Adder Vipera berus
The adder is one of our three native snake species, most often found on heaths, moors and coastal areas. However, its secretive nature and camouflaged markings mean it often goes unnoticed. The adder is the UK’s only venomous snake. Image: Matt Berry/Greenwings Wildlife Holidays (Flickr).
Common Lizard Zootoca vivipara
The common (or viviparous) lizard is most frequently seen on commons, heaths, moorland, dry stone walls, embankments and
sea cliffs around the British Isles. Image: Paul Kitchener (Flickr).
Common Toad Bufo bufo
The common toad is widespread throughout mainland Britain. They prefer deeper water bodies in which to breed. These may include farm ponds, reservoirs, fish ponds or village duck ponds. Sadly these types of freshwater bodies are threatened in many parts of the UK and toads have been declining. Image: Paul Kitchener (Flickr).
Grass Snake Natrix helvetica
Grass snakes are found throughout England and Wales. They feed primarily on fish and amphibians, and can occasionally venture into garden ponds in the summer months. Grass snakes are non-venomous and are extremely timid, moving off quickly when disturbed. If cornered they can feign death, and if handled frequently, produce a foul-smelling excretion. Image: Neil Rolph (Flickr).
Great Crested Newt Triturus cristatus
Great crested newts are the largest of the UK's three native species, growing up to 17cm in length. They are dark brown or black in colour with a distinct ‘warty’ skin. The underside is bright orange with irregular black blotches. In the spring, males develop an impressive jagged crest along their back and a white 'flash' along the tail. Image: Alexandre Roux (Flickr).
Natterjack Toad Epidalea calamita
The natterjack toad is almost exclusively confined to coastal sand dune systems, coastal grazing marshes and sandy heaths. Natterjack toads are often associated with ponds in sand dune slacks, which are often more shallow and warm as they require warmer water to breed successfully. Image: Natural England/Peter Roworth (Flickr).
Slow-worm Anguis fragilis
Slow-worms are lizards, though they are often mistaken for snakes. Unlike snakes they have eyelids, a flat forked tongue and can drop their tail to escape from a predator. Slow-worms rarely bask in the open, instead preferring to hide under logs or in compost heaps. Image: Paul Kitchener (Flickr).
A survey was run by Mark Jones, whilst based at SBRC between 1983 and 1986. SWT commissioned A Conservation Strategy for Reptiles and Amphibians in Suffolk from Herpetofauna International (T. Langton) in 1990. All recent (post-1980) records have been logged on RECORDER and are kept updated. There are currently over 15,200 records on the SBIS Database.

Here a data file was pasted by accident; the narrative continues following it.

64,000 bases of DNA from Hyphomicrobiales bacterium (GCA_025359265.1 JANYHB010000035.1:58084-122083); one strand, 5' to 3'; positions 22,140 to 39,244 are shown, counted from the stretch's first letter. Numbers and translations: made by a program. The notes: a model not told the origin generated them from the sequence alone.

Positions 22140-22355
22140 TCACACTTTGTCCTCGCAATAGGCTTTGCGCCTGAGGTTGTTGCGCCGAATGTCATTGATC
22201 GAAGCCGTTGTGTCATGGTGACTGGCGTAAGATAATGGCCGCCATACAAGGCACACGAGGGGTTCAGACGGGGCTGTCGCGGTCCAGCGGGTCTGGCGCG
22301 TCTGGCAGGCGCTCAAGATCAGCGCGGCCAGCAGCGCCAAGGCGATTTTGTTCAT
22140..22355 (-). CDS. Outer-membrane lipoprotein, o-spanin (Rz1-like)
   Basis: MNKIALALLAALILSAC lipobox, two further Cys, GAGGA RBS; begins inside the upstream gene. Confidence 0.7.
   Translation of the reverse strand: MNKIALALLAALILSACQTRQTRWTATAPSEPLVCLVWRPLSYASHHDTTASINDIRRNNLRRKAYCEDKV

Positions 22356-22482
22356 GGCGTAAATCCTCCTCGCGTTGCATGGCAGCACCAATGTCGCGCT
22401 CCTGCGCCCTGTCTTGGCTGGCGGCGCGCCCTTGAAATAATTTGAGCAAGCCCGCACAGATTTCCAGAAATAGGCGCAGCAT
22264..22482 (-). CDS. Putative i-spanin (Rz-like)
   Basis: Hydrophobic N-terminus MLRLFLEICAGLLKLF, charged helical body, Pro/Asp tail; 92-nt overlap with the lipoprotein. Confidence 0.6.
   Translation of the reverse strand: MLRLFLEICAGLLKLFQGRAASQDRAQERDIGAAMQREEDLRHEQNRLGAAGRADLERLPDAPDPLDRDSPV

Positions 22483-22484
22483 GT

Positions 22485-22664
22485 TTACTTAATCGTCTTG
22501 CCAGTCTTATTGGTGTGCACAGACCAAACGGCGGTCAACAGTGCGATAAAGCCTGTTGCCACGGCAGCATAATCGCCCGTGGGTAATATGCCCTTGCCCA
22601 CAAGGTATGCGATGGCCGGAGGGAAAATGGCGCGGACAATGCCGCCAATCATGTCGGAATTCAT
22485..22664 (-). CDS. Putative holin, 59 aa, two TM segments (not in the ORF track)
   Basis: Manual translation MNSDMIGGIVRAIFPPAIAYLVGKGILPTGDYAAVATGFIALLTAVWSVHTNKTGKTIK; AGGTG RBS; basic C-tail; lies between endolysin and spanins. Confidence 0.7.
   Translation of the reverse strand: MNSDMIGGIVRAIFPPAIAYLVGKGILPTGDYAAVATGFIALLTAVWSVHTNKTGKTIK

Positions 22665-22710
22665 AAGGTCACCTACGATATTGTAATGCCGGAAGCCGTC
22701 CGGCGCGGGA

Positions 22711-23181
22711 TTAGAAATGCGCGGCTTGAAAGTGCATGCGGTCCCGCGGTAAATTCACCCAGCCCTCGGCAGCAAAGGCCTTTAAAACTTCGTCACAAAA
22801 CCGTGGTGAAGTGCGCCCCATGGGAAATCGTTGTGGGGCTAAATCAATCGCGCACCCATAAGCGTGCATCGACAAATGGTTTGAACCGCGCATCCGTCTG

The Suffolk Amphibian and Reptile Group was launched in 1996 with the aim of species recording, site initiatives and landowner contact. Further information on National recording schemes can be found on the National Amphibian and Reptile Recording Scheme (NARRS) website.
There are over 7900 records of Amphibians and over 7300 records of Reptiles on the SBIS database.
Great Crested Newts
We currently hold over 1740 records of Great Crested Newt Triturus cristatus in our database. Suffolk is a major stronghold for this species with its band of boulder clay surface geology lending itself to a high density of ponds.
Papers from Suffolk Natural History:
On the status of ponds and Great Crested Newt Triturus cristatus in Suffolk. T. Langton, G. Millins & C. Langton
Summer survey technique for Great Crested Newt Triturus cristatus. T. Langton
Suffolk ponds and Great Crested Newt Triturus cristatus conservation: the national significance of Suffolk county analysis. T. Langton
The Reptiles of Suffolk. E.R. Rope (1934 TSNS 2: 209)
A survey of the Reptilia and Amphibia of Suffolk. M. Jones (1988 TSNS 24: 9)
Other papers from Suffolk Natural History
Amphibians and Reptiles on roads in northeast Suffolk. J.M.R. Baker (2020) Open
Suffolk ponds and Great Crested Newt Triturus cristatus conservation: the national significance of Suffolk county analysis. T. Langton (2012) Open
Summer survey technique for Great Crested Newt Triturus cristatus. T. Langton (2010) Open
On the status of ponds and Great Crested Newt Triturus cristatus in Suffolk. T. Langton, G. Millins & C. Langton (2007) Open
Green/Water Frogs in Suffolk. J. Baker & R. Norton (2006) Open
First leatherback turtle (Dermochelys coriacea) stranding for Suffolk. T.E.S. Langton, C.L. Beckett & J.P. Foster (1999) Open
Albino Common Frog, Rana temporaria L. in Ipswich. H. Mendel (1990) Open
Grass Snake at West Stow. R.E. (Stebbings 1988) p.99 Open
Conservation of Reptiles and Amphibians. J.W. Steward (1971) p.434 Open
The Reptiles of Suffolk. E.R. Rope (1934) Open
For images of Suffolk Priority species see our Pinterest Board
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